Obit: Pizza Chain's Blockbuster "Deal" Ends in a Bust
The business: Pizza-store franchiser
Closed: April 2000
Cause of death: Aborted joint venture
Tony Riviera, by all accounts, made one hell of a pizza. His thick-crust pies slathered with toppings like roasted garlic, artichoke hearts, and goat cheese were a big hit in the Seattle area. His company -- dubbed Tony Maroni's Pizza in honor of his childhood nickname -- started as a pizza-by-the-slice shop in Kirkland, Wash., and grew into a franchise operation with 17 outlets in Washington and Southern California.
But Riviera had even grander ambitions. To catapult Tony Maroni's from a regional to a national business, Riviera pursued a joint venture with Blockbuster video stores that would have allowed him to sell pizza at 1,500-odd U.S. locations. In early 1997, Riviera thought Blockbuster had agreed to, well, a blockbuster deal. "I was on cloud nine," Riviera remembers. "They basically said, 'Your life is set."
Preparing for a nationwide rollout, Riviera revamped his company's strategy. However, when the giant video chain decided, in July 1999, against a joint venture, Riviera discovered that he didn't have a blockbuster deal in hand after all. What he had was merely a bust.
A former amateur boxer from Brooklyn, Riviera moved to Seattle in 1979 and worked for eight years in restaurants, first as a waiter and then as a manager, before opening his first pizza store. After a false start -- the company filed for Chapter 11 protection in 1990 -- Riviera reorganized the business and created Tony Maroni's Franchise Systems Inc. in 1995. Its recipe for success was simple, featuring fast delivery and quality ingredients. But the pizza wasn't cheap. A large thick-crust pizza with gourmet toppings, for example, cost close to $21.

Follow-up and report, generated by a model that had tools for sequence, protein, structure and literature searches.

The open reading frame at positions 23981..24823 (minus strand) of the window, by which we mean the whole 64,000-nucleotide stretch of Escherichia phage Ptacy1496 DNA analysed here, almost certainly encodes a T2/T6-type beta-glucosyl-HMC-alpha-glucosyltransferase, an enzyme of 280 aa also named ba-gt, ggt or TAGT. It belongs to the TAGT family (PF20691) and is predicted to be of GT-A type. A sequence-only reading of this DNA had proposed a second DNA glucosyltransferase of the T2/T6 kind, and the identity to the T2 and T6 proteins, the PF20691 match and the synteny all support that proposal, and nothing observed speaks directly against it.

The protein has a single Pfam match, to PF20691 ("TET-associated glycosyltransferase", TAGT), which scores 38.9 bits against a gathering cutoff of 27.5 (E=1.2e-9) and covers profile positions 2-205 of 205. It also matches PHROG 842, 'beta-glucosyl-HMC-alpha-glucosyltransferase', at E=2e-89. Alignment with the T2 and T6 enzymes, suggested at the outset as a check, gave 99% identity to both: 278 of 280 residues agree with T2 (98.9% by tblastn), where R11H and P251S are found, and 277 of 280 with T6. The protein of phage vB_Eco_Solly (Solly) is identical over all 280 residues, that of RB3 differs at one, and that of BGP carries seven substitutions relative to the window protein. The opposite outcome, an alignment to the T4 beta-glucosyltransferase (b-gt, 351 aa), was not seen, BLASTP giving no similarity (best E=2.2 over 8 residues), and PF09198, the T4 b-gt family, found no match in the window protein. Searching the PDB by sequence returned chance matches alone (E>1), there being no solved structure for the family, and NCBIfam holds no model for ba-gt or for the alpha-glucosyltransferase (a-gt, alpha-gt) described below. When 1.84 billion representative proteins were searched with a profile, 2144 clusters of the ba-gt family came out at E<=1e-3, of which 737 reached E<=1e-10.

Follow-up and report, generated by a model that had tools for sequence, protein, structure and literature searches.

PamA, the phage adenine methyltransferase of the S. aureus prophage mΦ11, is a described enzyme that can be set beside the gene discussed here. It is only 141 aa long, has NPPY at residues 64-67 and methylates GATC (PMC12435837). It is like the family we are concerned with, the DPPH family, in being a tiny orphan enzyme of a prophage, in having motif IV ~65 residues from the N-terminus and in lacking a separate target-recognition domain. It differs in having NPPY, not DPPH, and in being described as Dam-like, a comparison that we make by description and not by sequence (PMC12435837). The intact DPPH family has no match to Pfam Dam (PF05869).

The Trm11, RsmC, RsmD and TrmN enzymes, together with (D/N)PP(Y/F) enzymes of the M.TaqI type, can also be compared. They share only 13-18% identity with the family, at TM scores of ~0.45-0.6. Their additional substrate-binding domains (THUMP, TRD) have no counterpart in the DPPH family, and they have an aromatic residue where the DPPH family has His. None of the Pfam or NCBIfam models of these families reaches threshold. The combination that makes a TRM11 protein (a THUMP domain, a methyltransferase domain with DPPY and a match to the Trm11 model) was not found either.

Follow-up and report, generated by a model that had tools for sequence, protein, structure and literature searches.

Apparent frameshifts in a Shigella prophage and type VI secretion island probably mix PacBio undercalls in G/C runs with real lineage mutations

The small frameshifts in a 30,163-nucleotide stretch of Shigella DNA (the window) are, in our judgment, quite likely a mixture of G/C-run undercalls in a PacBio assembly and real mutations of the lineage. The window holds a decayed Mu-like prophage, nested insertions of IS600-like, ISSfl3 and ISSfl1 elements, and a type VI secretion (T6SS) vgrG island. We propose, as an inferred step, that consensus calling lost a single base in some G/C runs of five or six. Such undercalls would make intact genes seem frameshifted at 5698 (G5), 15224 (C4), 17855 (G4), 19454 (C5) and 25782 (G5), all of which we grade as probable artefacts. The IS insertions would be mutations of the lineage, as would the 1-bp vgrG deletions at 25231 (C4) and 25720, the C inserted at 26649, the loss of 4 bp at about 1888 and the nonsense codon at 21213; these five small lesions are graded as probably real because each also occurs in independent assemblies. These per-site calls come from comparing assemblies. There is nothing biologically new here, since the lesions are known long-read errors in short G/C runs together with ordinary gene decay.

Riviera expanded by opening 4 more stores under his company's ownership and adding 12 more with franchisees, who paid an up-front fee of $20,000, plus 5% of sales. By 1997, the chain's same-store revenues were expanding at a double-digit clip, reaching more than $3 million that year, although Riviera acknowledges that the company wasn't profitable.
The fast growth caught Blockbuster's eye. After overtures to several owners of regional pizza chains about a possible joint venture, Blockbuster zeroed in on Tony Maroni's, going so far as to discuss store locations and redesign, Riviera says. He jetted off to Dallas to meet John Antioco, Blockbuster's CEO, who is also a Brooklyn native. Riviera figured that he'd passed the "due diligence test," as he puts it, although Blockbuster did not commit itself in writing. "We're Brooklyn boys, and a handshake means everything," Riviera says. As a way of cementing the deal, as Riviera saw it, Blockbuster lent $300,000 to Tony Maroni's.
Intent on a future with Blockbuster, Tony Maroni's spent $1 million preparing for the rollout and stopped signing up franchisees, according to Riviera. "He got carried away with something that was beyond his own control," says George Naddaff, an experienced franchiser and a former adviser to Riviera. "It was a very intoxicating idea."
If the intoxication was mutual, Blockbuster sobered up abruptly, and the discussions with Riviera ceased. Now Blockbuster declines to explain why it soured on a Tony Maroni's deal. "They said they had to stick to their core competency," says Riviera, quoting Blockbuster officials' statements to him.
Hobbled by the loss of new-franchise income and plagued by a large tax debt, Tony Maroni's filed for Chapter 11 bankruptcy protection last August. (Its liabilities of $2.2 million dwarfed its assets of $250,000.) In April the bankruptcy court ordered the company to liquidate. Although Riviera, 43, lost his company, he hasn't given up. He aims someday to hook up with a Blockbuster-scale partner. "Whether it's Tony Maroni or Tony Baloney," he says gamely, "Tony Riviera's pizza will be in stores on a national basis."
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